Tuesday, 29 January 2013

America Can Learn From Port of Long Beach Shipping Investment

Recently, The Port of Long Beach officially approved a budget worth $1.2 billion, to convert two aging terminals into one giant super terminal, that will have the capacity to handle over 2 million additional shipping containers; on the site. The Middle Harbor Project, which began in 2011, will end up covering 342 acres when completed; sometime in 2019. The Port of Long Beach is the second busiest seaport in the United States and generates close to $5 billion in local, state and federal taxes, annually.

This investment is a classic example of the commitment that is needed in many regions of the United States, in order to stimulate local economies, create much-needed jobs and build the necessary infrastructures that will be required, if the U.S. is going to put itself into a strong position to contribute to economic growth and compete in the global economy; of the future. Just recently,  the American Society of Civil Engineers reported that the American infrastructure deficit now stands at $1.6 trillion and is expected to grow to at least $2.75 trillion over the next ten years; putting the country at a severe competitive disadvantage. The report also states that if this identified investment gap is not addressed throughout the nation’s infrastructure sectors by the year 2020, the country’s economy could be expected to lose close to $1 trillion in business sales, resulting in a loss of 3.5 million jobs; across the nation.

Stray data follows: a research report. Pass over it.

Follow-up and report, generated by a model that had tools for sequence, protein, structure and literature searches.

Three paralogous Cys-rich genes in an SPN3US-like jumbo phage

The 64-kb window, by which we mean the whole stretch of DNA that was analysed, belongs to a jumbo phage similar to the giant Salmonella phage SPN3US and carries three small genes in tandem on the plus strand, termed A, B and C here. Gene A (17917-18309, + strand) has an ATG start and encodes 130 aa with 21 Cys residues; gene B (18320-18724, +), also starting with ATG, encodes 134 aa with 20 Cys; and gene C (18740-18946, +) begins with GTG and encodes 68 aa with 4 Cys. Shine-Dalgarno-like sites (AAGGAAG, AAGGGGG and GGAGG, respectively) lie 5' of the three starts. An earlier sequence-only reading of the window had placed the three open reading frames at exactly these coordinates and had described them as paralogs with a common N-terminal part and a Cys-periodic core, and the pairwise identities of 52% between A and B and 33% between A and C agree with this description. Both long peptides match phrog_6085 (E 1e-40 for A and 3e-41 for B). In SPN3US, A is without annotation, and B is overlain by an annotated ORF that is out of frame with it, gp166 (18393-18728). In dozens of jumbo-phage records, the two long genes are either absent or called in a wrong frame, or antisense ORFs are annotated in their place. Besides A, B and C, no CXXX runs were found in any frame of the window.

While the United States continues to struggle with it’s past financial/investment mistakes, it is becoming increasingly clear that investors will have to look at making the right investments now, if they are going to give themselves any kind of chance to re-build their future. While the Port of Long Beach forges ahead with their economic plans for greater prosperity, the rest of the country can take a look and see what it will take for them to follow suit. Of course, it will take enormous investments and foresight along with a strong commitment to make the right investments for the right reasons. That being said, the United States has done it before, namely in the Great Depression, and it worked out just fine back then.

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